What is a stop-loss?




A stop-loss is an essential part of a trader’s strategy. It is the price point at which the trader has decided in advance to get out of the trade, should it not work as anticipated.
This price point is often a miscalculated parameter. Some traders, who manage not to follow any disciplined method of trade execution, actually use their maximum pain tolerance point as a stop-loss point. This is the point beyond which they absolutely cannot bear the pain of owning the stock.

The most common recommendation for setting stop loss points is a fixed percentage. Traders will define a stop-loss point as say 3% below their buy point. Some will define it as 2% and some as high as 5%. Though this method does not have any inherent logic to it, at least it gets them out of the falling stock. This frees up the capital and allows them to use it for other investments.

Traders following candlestick charting are at a distinct advantage here. They realize that the stop-loss point is a function of the candlestick buy or sell signal itself. The percentage below or above the buy / sell point has no meaning for these traders. Once a high probability profit scenario is found and a buy point defined, the obvious question to ask is – at what point does the buy signal get negated? That is the point for a stop-loss limit.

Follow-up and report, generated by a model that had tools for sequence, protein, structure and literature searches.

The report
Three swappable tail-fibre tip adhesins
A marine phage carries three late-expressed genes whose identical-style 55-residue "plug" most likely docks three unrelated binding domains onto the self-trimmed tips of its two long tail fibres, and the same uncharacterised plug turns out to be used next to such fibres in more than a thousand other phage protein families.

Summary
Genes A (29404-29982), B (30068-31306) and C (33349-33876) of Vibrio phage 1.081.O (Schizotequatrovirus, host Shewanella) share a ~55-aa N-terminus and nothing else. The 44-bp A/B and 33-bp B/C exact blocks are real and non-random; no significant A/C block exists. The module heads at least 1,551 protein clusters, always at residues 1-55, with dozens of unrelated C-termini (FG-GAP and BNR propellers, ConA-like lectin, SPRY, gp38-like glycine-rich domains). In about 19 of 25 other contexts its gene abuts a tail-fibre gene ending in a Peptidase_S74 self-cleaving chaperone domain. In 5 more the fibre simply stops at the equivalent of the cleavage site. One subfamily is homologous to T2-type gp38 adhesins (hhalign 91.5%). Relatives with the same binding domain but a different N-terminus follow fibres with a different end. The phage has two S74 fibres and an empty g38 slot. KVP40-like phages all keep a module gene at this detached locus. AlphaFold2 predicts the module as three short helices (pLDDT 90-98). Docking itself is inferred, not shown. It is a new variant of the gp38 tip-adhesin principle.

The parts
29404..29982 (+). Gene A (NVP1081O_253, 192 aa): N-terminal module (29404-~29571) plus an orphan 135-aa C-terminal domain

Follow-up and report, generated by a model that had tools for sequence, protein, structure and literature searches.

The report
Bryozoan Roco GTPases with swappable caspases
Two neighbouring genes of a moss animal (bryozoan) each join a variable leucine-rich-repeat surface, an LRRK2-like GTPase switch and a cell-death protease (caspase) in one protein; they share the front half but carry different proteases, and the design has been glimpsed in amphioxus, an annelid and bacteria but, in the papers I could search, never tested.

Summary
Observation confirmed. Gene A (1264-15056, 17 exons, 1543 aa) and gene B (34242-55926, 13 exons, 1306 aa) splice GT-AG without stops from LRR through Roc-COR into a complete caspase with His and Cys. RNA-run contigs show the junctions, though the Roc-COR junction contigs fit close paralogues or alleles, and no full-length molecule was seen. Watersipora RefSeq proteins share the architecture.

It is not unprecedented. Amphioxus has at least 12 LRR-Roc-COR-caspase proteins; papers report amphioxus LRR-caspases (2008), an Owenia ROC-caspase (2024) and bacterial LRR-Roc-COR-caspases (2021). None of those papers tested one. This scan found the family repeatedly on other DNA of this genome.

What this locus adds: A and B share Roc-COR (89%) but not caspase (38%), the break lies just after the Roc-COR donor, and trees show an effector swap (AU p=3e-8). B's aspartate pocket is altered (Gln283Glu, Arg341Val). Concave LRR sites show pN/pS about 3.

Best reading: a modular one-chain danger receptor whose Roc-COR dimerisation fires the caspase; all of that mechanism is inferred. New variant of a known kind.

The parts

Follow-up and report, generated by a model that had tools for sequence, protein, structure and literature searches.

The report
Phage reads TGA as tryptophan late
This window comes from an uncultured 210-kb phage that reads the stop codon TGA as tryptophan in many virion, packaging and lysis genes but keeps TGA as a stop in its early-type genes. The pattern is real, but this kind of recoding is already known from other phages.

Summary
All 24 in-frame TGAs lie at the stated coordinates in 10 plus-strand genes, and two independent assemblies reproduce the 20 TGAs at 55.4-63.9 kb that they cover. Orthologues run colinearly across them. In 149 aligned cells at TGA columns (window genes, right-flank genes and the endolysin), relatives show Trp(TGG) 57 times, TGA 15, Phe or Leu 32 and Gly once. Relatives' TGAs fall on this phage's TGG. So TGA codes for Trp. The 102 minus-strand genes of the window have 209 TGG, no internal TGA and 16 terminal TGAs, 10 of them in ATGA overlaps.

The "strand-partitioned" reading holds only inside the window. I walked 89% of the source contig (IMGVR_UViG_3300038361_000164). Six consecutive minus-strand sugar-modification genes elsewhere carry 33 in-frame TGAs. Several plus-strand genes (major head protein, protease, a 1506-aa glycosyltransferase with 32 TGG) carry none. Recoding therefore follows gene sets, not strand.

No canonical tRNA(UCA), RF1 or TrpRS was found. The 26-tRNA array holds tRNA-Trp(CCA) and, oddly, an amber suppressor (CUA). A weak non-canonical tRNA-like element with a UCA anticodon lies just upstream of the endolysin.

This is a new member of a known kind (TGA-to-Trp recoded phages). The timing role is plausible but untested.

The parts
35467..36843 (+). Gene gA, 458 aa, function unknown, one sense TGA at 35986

If one observes a Hammer signal in oversold conditions and buys on confirmation, then what would be the stop-loss point? It is already analyzed that the bulls should have taken over the trend from here on. If the bears can manage to take control and bring the stock all the way back through the bottom of the Hammer, then is the Hammer signal still valid? No. The signal has failed. Selling the position now for a small loss makes perfect sense and above that, gives your trading a methodology. Remember, you can always get back in the stock if another buy signal is witnessed. But at that point in time, it is advisable to get out as the probabilities are no longer in your favor.

Consider the following chart of ALKS. The Point A is an extremely good entry point. The day before witnessed a Bullish Harami, which was also an Inverted Hammer. The stochastics were oversold. The proper procedure was to get in on the confirmed signal. However, this was one of those times when the signals failed as one can notice. The trader who bought in at Point A, should have set his stop loss at Point B. This point is the bottom of the Inverted Hammer. If the bears managed to drag prices through that point and close below it, there was no need to be in that position anymore. The probabilities were no longer in the trader's favor and the proper strategy would have been to get out. Remember, one can always buy back on the next buy signal.

Stop loss procedures for candlestick signals are taught in detail in our Basic Candlestick Course.

Chart courtesy stockcharts.com